What Went Wrong and How to Fix It

What Went Wrong and How to Fix It
What Went Wrong and How to Fix It

Mio Akasako, co-founder & VP of Design at Ash Wellness

Public health crisis communications plans have the power to improve outcomes, reduce long-term healthcare costs, and save lives. These plans should convey crucial health information to impacted groups with recommendations on how and when to seek care and reduce spread. The consequences of ineffective, inconsistent, or absent public health messaging in times of crisis are grave, leading to the mistrust of healthcare institutions, stigmatization of impacted groups, and decreased likelihood of impacted groups seeking care. Over the past few years, the messaging around monkeypox, HIV, and COVID-19 are just a few examples of communications having deadly consequences. What went wrong and how do we make sure it doesn’t happen again?

1. Monkeypox

In May of this year, healthcare workers identified the first case of monkeypox in Boston, Massachusetts, and as of September 30, there have been 25,851 confirmed monkeypox cases in the United States related to the 2022 outbreak. In early crisis communications messaging, public health officials struggled to communicate risks to impacted groups without stigmatizing the sexual behavior of vulnerable individuals. Guidelines from WHO and the CDC that recommended limiting sexual contact were met with criticism by the LGBTQIA+ community, some of whom pointed to the AIDS epidemic as evidence against abstinence-only guidelines.

Original crisis messaging only focused on transmission between gay or bisexual men who had sex with multiple or anonymous sex partners, excluding at-risk demographics like sex workers or trans individuals, some who had to wait for vaccination. The stigmatization of men who have sex with men also inadvertently promoted the inaccurate belief that heterosexual people could not contract monkeypox and that monkeypox could only be spread through sexual contact.

After feedback, government entities like the New York Department of Health revised communications to include messaging and vaccine guidelines for broader at-risk groups. Monkeypox infection numbers are falling in part because stigmatized groups have taken it upon themselves to do what they can to curb the disease. This includes getting vaccinated despite initial government failures to provide enough dosages and choosing behaviors that reduce risk. As happened with the HIV/AIDS crisis, LGBTQIA+ people bore the brunt of monkeypox disease mitigation as well as stigmatization. If initial crisis communications fail to reach impacted groups or stigmatize individuals, additional messaging with input from impacted groups is necessary. This example showcases the paramount importance of defining at-risk groups inclusively, prior to any sort of public communication. Government institutions benefit from consulting specialists, like those trained in gender-affirming care, when carefully crafting their messaging.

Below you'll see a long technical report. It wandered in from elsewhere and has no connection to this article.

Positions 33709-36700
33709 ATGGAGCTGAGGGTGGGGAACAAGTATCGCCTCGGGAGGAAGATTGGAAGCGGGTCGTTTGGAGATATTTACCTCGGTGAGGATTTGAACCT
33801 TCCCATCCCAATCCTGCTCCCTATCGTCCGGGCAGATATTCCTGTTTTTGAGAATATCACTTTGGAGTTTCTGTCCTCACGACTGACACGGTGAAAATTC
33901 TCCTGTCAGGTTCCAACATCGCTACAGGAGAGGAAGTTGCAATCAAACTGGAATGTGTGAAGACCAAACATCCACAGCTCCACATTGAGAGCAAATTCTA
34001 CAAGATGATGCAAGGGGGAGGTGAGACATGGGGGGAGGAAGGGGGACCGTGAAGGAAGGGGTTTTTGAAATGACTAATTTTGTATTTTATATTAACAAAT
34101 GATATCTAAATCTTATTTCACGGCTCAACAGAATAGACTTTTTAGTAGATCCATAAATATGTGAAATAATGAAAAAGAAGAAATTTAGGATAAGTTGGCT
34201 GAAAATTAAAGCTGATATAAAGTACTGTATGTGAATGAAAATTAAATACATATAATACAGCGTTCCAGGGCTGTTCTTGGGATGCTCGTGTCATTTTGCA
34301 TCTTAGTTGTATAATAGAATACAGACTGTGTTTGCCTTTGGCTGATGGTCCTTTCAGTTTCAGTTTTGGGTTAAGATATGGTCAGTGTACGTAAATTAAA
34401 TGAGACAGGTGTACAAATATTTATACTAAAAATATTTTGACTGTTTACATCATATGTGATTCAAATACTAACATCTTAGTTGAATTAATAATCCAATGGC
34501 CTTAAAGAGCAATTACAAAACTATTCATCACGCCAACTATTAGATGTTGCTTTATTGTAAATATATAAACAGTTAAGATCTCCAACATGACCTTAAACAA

2. HIV

The lack of crisis messaging during the first stages of the HIV epidemic in the United States still impacts misinformation spread today. While the first official government report on AIDS came out in June 1981President Ronald Regan did not publicly mention AIDS until September 1985. This created space for the spread of misinformation around HIV, so in 1987, 43% of Americans agreed with the Pew statement that “AIDS might be God’s punishment for immoral sexual behavior.” (In fringe groups like white evangelicals, 60% believed that AIDS might be a punishment for immoral sexual behavior the same year.)

Furthermore, the tendency to label HIV a “gay disease” continues to shape policy. Texas district judge Reed O’Connor ruled that a Christian company does not have to provide HIV prevention drugs under its employees’ insurance plans, citing the owner’s opposition to “homosexual behavior.” But HIV impacts heterosexual people, who too benefit from accurate information and preventative healthcare. In 2020, people reporting heterosexual contact accounted for 22% (6,626) of the 30,635 new HIV diagnoses in the U.S. according to the CDC. In the U.K., more straight people than gay and bisexual men contract HIV.

LGBTQIA+ people are often better educated on how to protect against the virus with tools like PrEP and regular HIV testing, and can safely engage in what would have once been considered at-risk behavior. Some of this is linked to the communal trauma of the AIDS epidemic, and the reluctance of government institutions to protect and provide accurate messaging for LGBTQIA+ people, who were forced to seek out their own healthcare solutions. Public health measures have since heavily promoted PrEP use for gay and bisexual men. Meanwhile, only 32.3% of heterosexual adults are aware of PrEPand less than 1% use it. When accurate and informed messaging fails to keep up with misinformation around HIV/AIDS, less informed heterosexual people can put themselves at greater risk of contracting the virus.